|Warhammer vs Monopoly
In order to see the world around you, it’s important to keep your head up and your eyes on the move. Those of you who do so have probably noticed that more and more people are now walking around with their heads down. We have become a world that is obsessed with being in constant contact via smartphone, tablet, and PC. The irony is the more connected we become to the virtual world, the more we lose touch with the human element that is right in front of us. Today’s kids seem to be the ones who are most affected by this seeming need for connectivity, but the question has to be: at what cost?
There are those that will argue that today’s kids need to have a strong background in computers if they are going to be able to get ahead in the business world. There is some truth to that, but they also need to learn life lessons that can’t be taught in a video game. The fact is that children need to learn social skills more than they need to know about bytes and pixels. There is a way, as a parent, to impart those skills, yet do so in a way that is fun for everyone.
Back in the days before computers made their way into the average home, families were forced to spend some time together, with games and entertainment often being the ties that bound them together. Board games played a big part in that, but underneath the rolling dice and plastic play pieces lay valuable lessons that helped children develop skills that would help them grow into well-adjusted adults. Playing board games helped younger kids learn colors, shapes, and letters in a way that didn’t make them feel as though they were actually in a learning environment.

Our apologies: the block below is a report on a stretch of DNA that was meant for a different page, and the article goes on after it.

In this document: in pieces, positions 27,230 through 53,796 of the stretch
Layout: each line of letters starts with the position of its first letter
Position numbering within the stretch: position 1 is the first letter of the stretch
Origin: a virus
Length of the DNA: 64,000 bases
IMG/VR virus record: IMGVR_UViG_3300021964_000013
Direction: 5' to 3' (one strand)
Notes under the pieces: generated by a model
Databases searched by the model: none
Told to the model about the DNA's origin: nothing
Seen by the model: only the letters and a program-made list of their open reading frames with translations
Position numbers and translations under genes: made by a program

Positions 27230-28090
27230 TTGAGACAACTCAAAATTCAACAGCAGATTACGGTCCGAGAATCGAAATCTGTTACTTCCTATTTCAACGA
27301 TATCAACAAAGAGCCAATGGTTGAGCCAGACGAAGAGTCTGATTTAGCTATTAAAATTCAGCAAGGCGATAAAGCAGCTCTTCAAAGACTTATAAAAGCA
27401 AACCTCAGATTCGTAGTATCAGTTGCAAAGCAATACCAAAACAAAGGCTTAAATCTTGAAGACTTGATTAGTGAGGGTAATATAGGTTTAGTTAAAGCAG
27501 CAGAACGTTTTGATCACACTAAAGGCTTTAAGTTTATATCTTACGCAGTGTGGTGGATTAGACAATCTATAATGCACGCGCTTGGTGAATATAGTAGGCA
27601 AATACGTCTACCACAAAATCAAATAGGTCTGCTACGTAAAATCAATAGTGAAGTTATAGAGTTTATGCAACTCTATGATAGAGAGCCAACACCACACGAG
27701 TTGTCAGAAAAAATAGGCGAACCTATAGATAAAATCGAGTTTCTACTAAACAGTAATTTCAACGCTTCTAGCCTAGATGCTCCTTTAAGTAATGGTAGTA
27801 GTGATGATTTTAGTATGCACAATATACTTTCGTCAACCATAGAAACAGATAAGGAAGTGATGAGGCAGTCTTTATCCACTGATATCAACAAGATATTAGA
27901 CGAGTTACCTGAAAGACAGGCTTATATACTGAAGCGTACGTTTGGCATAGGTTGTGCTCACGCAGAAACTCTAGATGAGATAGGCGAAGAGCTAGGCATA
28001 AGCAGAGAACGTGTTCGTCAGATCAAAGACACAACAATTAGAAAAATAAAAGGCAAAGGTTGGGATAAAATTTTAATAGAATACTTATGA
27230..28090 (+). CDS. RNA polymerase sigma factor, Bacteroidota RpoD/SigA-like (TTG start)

Perhaps the most important aspect of playing board games, though, was the fact that the family would actually sit around the table and talk to one another. Everyone got the chance to talk about their day and just take some time to bond. This is something that is becoming obsolete nowadays as everyone, kids and parents alike, plug in the headphones and tune out the world. Sure, modern video games allow folks to play over a network and “converse,” but the chatter is usually confined to telling each other how to destroy the next wave of virtual zombies.
Board games are slowly but surely starting to disappear from toy store shelves as they are ditched to make space for the latest, greatest digital invention. It’s sad to see, but there is still time to remedy the problem if we can all just take a moment to go offline. It’s time to put away the mobile devices, if only for one night a week, gather round the dining room table and have some board game fun. Who knows, you might even find that your kids will end up enjoying themselves. If they can do that, then they will pass on the board game tradition when they have kids of their own.
A footnote from Ray:
I have a friend whom I met many many years ago in a gaming convention and he sells board games via mail order. He also writes really interesting reviews and only tends to sell the games he thinks are good. The games are generally from small publishers and often difficult to get hold of.
His name is Paul Evans and this is a link to his website with all of his board games.